For Physical Computing, we were asked to observe a piece of interactive technology in public and take some notes about how it was being used. I chose the elevators in the Tisch building.
There were a few things that people seemed to find difficult about using the elevators:
The buttons light up very dimly when pressed, so it’s difficult to tell at a glance whether a given button has already been pressed. Multiple times, I saw people press a button for a floor that had just been pressed by someone else a few seconds ago.
Most of the floors, except for the first floor, don’t have floor indicators that show where the elevator is and which direction it’s headed in. On higher floors, people couldn’t easily tell how far away the elevator was, and couldn’t tell which direction it was headed in until after the doors opened.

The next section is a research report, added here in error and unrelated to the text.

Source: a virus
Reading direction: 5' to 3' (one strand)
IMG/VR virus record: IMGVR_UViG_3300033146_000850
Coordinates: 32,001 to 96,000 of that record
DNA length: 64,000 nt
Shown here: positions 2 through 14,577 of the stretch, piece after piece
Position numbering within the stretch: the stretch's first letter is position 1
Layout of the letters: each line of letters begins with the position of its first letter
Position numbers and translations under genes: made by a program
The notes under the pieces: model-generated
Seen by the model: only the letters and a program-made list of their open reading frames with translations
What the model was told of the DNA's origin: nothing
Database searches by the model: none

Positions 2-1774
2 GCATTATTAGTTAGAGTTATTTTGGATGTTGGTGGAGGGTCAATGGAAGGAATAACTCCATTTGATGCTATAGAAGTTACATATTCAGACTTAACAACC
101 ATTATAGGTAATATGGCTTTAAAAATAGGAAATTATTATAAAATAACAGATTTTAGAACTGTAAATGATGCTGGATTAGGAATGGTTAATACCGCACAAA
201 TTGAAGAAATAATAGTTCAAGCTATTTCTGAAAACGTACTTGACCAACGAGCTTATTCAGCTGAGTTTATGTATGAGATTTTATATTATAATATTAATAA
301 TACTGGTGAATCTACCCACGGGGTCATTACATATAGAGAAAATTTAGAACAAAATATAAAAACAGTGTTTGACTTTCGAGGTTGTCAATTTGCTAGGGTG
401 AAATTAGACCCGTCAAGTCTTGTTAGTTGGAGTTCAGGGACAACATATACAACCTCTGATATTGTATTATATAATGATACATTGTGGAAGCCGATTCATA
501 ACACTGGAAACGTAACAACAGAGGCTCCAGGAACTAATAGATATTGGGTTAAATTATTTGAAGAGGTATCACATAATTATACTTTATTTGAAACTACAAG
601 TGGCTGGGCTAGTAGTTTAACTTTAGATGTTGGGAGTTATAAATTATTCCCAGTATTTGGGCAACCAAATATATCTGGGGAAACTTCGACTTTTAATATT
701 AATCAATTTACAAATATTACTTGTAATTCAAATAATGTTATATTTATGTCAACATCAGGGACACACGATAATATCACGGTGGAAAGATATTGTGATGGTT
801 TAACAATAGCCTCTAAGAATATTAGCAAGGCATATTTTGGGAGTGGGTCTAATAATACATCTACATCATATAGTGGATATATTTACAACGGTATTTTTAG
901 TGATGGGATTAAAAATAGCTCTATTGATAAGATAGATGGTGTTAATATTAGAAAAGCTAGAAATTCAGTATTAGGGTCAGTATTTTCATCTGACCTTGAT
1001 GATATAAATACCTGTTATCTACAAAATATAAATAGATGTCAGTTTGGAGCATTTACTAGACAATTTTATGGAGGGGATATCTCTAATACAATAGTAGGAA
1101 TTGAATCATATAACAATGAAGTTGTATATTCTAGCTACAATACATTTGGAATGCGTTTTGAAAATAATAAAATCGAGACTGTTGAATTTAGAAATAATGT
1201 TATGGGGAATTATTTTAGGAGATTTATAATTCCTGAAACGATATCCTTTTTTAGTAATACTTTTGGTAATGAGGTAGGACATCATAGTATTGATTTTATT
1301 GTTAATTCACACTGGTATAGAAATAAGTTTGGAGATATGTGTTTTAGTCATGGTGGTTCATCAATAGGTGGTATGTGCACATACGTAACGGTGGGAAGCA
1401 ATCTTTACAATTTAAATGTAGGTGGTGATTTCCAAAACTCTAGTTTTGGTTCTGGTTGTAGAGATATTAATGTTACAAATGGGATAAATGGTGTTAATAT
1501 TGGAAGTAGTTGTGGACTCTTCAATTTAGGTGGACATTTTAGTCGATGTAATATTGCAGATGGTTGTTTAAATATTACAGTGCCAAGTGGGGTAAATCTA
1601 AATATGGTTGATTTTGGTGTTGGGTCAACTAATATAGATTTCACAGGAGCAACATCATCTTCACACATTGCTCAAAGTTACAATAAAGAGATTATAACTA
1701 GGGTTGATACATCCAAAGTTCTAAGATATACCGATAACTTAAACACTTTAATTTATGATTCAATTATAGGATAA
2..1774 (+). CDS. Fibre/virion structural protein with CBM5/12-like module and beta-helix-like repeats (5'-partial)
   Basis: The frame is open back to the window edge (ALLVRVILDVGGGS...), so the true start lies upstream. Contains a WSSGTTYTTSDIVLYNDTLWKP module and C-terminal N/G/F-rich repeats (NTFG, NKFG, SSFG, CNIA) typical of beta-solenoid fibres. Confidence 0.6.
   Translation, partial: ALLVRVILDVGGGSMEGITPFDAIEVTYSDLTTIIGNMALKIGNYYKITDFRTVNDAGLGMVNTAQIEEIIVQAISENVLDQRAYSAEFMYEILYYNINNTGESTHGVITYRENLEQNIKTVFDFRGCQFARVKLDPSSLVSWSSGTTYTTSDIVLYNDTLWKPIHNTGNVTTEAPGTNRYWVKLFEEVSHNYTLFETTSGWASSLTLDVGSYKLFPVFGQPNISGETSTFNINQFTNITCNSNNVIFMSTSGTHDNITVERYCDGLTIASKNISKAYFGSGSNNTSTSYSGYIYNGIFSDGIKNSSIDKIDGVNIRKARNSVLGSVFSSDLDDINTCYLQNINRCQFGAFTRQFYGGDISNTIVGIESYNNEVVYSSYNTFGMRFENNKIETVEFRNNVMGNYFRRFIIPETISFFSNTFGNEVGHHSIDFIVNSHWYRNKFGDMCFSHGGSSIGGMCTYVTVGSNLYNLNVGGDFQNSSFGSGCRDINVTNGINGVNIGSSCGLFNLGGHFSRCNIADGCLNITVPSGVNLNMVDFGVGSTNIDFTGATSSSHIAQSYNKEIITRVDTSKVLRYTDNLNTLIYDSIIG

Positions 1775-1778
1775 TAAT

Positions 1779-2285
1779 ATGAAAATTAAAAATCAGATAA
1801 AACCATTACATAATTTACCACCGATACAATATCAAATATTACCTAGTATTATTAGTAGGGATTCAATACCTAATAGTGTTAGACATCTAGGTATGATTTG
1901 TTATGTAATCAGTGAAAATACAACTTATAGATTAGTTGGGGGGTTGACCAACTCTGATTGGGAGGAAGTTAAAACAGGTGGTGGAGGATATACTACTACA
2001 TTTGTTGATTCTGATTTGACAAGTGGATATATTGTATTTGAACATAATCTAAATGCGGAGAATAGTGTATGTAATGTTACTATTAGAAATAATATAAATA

Another thing that I noticed was that when someone needed to stop the elevator door from closing, they were more likely to hold their hand in the path of the door vs. using the “Door Open” button, taking advantage of the safety feature that prevents the elevator from closing when there’s something blocking the infrared light sensor in the door. This suggests to me that blocking the door with your hand to keep it open is a more intuitive interaction than holding down a button.